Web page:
What is Xanax?
Xanax, a brand name for the drug Alprazolam, is an anti-anxiety medication. According to the National Institute on Drug Abuse (NIDA), it is on the list of the most commonly abused prescription drugs. Many misuse it to experience the “Xanax high”. Xanax is in the benzodiazepine class of drugs which act as central nervous system (CNS) depressants. They reduce neuron activity in the brain, which helps a person experience a relaxed state.
Xanax works by calming the body’s reaction to stress. It is most commonly prescribed for panic disorders, though it is sometimes prescribed for depression, seizures, or insomnia. With proper use, Xanax is meant to help treat these disorders though it is important for any patient to follow their doctor’s directions carefully and to communicate any issues. It does not matter whether a person has a prescription or not, the risk for abuse and addiction is high. For this reason, many doctors are reluctant to prescribe it without trying other treatments first.
What Does a Xanax High Feel Like?
Even those with a prescription may abuse their medication. Recreational use is also not safe or legal. Many are familiar with its anti-anxiety effects and want to use it for that reason, but it should never be taken casually. It may not take long for dependence to develop, and withdrawal is incredibly uncomfortable. Whether a person has a prescription or not, many of course want to use it to deal with anxiety. In addition to this, many report euphoric effects which is why they continue to misuse and abuse it. Xanax releases dopamine in the brain, which creates a calm, peaceful feeling. Often when a substance causes euphoric feelings many return to it for this reason.
Some people use Xanax through chewing, injecting, or snorting, all methods that cause effects to kick in quicker.
Often as someone continues to abuse a drug, they take higher doses to feel the same effects. It is possible for this to result in falling asleep and even experiencing “blackouts” for a few hours.
Other side effects potentially include:
- Memory and concentration problems
- Trouble breathing
- Joint Pain
- Extreme Fatigue
- Suicidal thoughts
Abuse, Addiction, and Withdrawal
Ideally, if you do need Xanax it is best to take the lowest dose possible for the shortest possible amount of time. This should always be with a doctor’s supervision. However, the possibility for dependence and addiction still exists under these circumstances. The body builds up a tolerance to it very quickly, meaning that someone may need to take higher and higher doses to feel the same effect. Additionally, as the drug wears off, anxious feelings can temporarily flood back in. This can prompt many people to start abusing the drug so they never have to experience the “comedown.”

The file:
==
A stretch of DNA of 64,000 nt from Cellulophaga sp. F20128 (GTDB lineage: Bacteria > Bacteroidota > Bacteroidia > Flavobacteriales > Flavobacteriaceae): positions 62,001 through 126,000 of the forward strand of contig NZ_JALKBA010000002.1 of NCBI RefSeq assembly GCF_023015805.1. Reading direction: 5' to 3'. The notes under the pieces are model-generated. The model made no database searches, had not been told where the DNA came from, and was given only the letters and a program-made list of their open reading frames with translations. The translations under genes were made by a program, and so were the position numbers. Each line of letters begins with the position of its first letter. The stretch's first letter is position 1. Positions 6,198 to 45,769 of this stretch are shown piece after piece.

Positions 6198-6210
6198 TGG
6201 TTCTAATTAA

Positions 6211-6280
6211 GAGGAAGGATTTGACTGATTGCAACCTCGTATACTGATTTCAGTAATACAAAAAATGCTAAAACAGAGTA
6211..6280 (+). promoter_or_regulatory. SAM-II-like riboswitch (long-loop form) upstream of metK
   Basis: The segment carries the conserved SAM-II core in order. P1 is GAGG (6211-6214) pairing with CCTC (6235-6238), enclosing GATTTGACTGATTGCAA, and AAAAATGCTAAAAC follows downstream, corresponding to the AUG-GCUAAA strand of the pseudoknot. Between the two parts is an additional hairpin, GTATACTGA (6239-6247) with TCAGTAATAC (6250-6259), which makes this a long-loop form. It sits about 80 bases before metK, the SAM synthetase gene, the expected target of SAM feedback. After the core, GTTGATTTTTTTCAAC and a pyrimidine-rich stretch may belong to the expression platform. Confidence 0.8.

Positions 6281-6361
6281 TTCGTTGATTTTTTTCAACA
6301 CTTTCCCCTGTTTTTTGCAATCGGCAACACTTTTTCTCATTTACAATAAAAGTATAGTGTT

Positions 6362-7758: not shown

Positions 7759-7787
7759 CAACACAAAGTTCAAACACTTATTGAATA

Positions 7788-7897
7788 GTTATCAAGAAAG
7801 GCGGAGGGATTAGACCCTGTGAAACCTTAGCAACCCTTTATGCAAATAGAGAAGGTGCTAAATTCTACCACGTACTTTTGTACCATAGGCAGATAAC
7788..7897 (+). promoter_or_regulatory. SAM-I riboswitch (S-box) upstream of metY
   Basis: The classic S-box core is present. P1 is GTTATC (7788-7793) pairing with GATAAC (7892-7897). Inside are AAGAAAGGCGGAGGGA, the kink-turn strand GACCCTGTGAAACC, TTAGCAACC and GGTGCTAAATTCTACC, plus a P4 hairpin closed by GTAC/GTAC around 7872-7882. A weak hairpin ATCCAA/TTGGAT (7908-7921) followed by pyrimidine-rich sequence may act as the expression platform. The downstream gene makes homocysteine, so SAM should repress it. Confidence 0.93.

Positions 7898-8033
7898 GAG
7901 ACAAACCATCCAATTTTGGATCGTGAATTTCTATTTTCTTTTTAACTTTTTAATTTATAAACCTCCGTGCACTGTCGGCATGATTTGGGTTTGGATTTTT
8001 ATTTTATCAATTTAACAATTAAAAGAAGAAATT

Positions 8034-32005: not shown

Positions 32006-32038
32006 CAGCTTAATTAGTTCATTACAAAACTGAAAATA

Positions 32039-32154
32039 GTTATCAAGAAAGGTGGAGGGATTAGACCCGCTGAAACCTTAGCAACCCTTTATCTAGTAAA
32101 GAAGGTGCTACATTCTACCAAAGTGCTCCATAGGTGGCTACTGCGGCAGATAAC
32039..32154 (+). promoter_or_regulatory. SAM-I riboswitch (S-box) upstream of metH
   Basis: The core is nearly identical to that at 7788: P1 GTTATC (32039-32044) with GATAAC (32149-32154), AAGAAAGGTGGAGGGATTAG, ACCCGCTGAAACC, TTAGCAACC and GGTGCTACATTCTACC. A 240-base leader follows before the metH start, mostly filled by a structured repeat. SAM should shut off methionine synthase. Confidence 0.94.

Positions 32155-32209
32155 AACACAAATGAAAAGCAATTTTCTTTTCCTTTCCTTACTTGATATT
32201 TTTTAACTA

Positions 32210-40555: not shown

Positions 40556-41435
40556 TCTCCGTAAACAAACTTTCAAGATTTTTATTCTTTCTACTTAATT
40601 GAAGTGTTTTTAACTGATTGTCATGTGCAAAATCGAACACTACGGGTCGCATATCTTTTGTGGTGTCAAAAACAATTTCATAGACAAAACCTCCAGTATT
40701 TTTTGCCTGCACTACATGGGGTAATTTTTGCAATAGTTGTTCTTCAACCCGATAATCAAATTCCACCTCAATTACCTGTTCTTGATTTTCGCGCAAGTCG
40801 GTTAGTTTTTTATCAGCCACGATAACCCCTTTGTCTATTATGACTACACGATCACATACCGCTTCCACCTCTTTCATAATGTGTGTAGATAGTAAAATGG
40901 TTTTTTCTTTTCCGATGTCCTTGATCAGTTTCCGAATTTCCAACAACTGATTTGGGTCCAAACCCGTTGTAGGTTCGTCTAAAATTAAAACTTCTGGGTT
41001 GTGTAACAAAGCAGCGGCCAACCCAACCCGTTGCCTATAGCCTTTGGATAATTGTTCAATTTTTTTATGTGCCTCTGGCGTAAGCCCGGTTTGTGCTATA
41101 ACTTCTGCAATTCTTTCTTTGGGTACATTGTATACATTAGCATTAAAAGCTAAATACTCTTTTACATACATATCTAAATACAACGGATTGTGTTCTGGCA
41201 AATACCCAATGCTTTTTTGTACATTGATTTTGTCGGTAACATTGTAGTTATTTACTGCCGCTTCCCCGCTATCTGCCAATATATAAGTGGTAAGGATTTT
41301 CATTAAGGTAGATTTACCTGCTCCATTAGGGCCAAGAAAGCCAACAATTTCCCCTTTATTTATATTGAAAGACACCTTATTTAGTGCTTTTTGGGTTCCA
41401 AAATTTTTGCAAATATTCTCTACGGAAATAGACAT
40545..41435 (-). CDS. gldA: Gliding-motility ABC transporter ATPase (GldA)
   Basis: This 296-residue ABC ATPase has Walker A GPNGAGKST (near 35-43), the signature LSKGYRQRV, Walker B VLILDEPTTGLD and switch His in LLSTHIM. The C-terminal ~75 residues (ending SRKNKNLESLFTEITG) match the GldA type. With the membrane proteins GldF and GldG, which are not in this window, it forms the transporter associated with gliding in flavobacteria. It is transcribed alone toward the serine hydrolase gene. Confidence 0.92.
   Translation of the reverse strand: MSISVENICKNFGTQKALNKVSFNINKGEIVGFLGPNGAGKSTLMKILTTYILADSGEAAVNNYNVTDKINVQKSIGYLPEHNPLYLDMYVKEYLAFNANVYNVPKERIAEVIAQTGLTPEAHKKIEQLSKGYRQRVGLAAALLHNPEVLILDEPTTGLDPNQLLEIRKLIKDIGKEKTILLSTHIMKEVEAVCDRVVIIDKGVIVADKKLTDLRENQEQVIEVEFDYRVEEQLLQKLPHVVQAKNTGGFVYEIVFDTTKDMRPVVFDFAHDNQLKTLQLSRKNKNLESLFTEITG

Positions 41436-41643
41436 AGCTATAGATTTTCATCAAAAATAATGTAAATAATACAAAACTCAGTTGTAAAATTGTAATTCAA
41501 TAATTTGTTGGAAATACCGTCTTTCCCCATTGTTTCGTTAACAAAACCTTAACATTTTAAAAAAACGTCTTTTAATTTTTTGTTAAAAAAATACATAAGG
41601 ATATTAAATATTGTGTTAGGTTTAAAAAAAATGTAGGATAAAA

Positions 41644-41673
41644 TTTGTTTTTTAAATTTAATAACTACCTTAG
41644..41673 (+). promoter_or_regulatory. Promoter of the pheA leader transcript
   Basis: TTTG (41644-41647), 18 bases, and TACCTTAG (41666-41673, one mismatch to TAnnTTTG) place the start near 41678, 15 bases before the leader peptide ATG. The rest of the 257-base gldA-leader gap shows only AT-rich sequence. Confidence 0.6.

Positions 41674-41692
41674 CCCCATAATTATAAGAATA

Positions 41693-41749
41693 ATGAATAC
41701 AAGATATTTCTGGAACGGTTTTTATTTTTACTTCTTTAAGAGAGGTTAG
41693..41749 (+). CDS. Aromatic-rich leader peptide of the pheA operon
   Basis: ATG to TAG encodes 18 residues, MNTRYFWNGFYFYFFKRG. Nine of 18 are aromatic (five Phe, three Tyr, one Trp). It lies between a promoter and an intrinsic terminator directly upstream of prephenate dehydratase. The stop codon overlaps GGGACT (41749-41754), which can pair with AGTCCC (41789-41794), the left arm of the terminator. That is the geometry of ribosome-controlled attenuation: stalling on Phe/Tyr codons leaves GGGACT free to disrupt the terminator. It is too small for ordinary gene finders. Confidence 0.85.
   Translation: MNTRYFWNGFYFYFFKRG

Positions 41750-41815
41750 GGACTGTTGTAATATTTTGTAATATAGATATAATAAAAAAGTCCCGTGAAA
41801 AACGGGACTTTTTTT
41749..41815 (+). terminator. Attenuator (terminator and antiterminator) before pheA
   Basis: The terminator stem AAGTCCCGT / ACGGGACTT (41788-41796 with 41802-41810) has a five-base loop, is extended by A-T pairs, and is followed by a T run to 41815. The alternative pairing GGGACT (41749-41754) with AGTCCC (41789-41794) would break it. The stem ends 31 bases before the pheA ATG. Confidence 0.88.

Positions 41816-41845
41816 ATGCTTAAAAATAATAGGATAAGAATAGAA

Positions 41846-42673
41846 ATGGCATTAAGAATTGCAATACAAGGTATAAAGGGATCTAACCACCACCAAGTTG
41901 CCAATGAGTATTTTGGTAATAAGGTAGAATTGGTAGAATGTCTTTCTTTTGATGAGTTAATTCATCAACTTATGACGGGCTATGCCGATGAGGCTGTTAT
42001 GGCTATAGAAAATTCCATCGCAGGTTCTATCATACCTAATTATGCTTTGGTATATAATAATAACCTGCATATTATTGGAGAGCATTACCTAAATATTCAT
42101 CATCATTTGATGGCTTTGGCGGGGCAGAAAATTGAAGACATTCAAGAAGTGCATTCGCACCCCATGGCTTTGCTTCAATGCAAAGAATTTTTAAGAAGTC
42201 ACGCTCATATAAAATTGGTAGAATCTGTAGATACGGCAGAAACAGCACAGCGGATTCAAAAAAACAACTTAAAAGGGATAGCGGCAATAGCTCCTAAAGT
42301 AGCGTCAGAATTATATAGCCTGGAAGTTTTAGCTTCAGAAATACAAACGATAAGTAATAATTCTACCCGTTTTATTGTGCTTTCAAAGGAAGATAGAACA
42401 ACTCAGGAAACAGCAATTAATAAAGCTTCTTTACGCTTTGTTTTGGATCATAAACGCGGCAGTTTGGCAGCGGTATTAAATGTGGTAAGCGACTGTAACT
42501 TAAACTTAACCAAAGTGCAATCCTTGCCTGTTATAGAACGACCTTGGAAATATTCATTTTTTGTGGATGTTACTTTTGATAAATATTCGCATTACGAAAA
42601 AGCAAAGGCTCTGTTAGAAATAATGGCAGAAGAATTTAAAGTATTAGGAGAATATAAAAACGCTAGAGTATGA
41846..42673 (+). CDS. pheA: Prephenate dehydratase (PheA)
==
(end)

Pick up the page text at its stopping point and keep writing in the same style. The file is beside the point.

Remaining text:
If someone has been using or abusing Xanax regularly, they may experience serious withdrawal symptoms from stopping. Potential symptoms include:
- Increased anxiety
- Panic attacks
- Memory loss
- Cognitive and concentration problems
It is possible for withdrawal to last anywhere from a few days to a few weeks. Most frequently, quitting Xanax “cold turkey” is extremely difficult and most people need medical supervision during withdrawal. Further, if the abuse involves other drugs, it is also possible that withdrawal could be more severe and include other symptoms.
Xanax is available in different doses. When doctors prescribe it to their patients, they usually start with a very low dose.
Taking too much Xanax can be fatal for anyone. Even with regular use, ingesting a higher dose than prescribed is potentially very dangerous.
Signs of overdose include:
- Extreme or sudden lethargy
- Poor coordination and reflexes
- Slow or irregular breathing
- Vital organ failure
If you or someone around you experiences any of these symptoms, seek emergency medical help immediately. Often with overdose, immediate care is essential for the best outcome. Recreational overdoses are particularly dangerous due to the prevalence of “fake” Xanax. Dealers may mix it with other unknown drugs, heightening the dangers and the possibility of a fatal overdose.
Recognizing a problem and seeking treatment is often difficult. However, it is often necessary for getting off benzodiazepines and other addictive prescription drugs. Seeking a safe, supervised detox is especially important.
Contact us today for more information and help.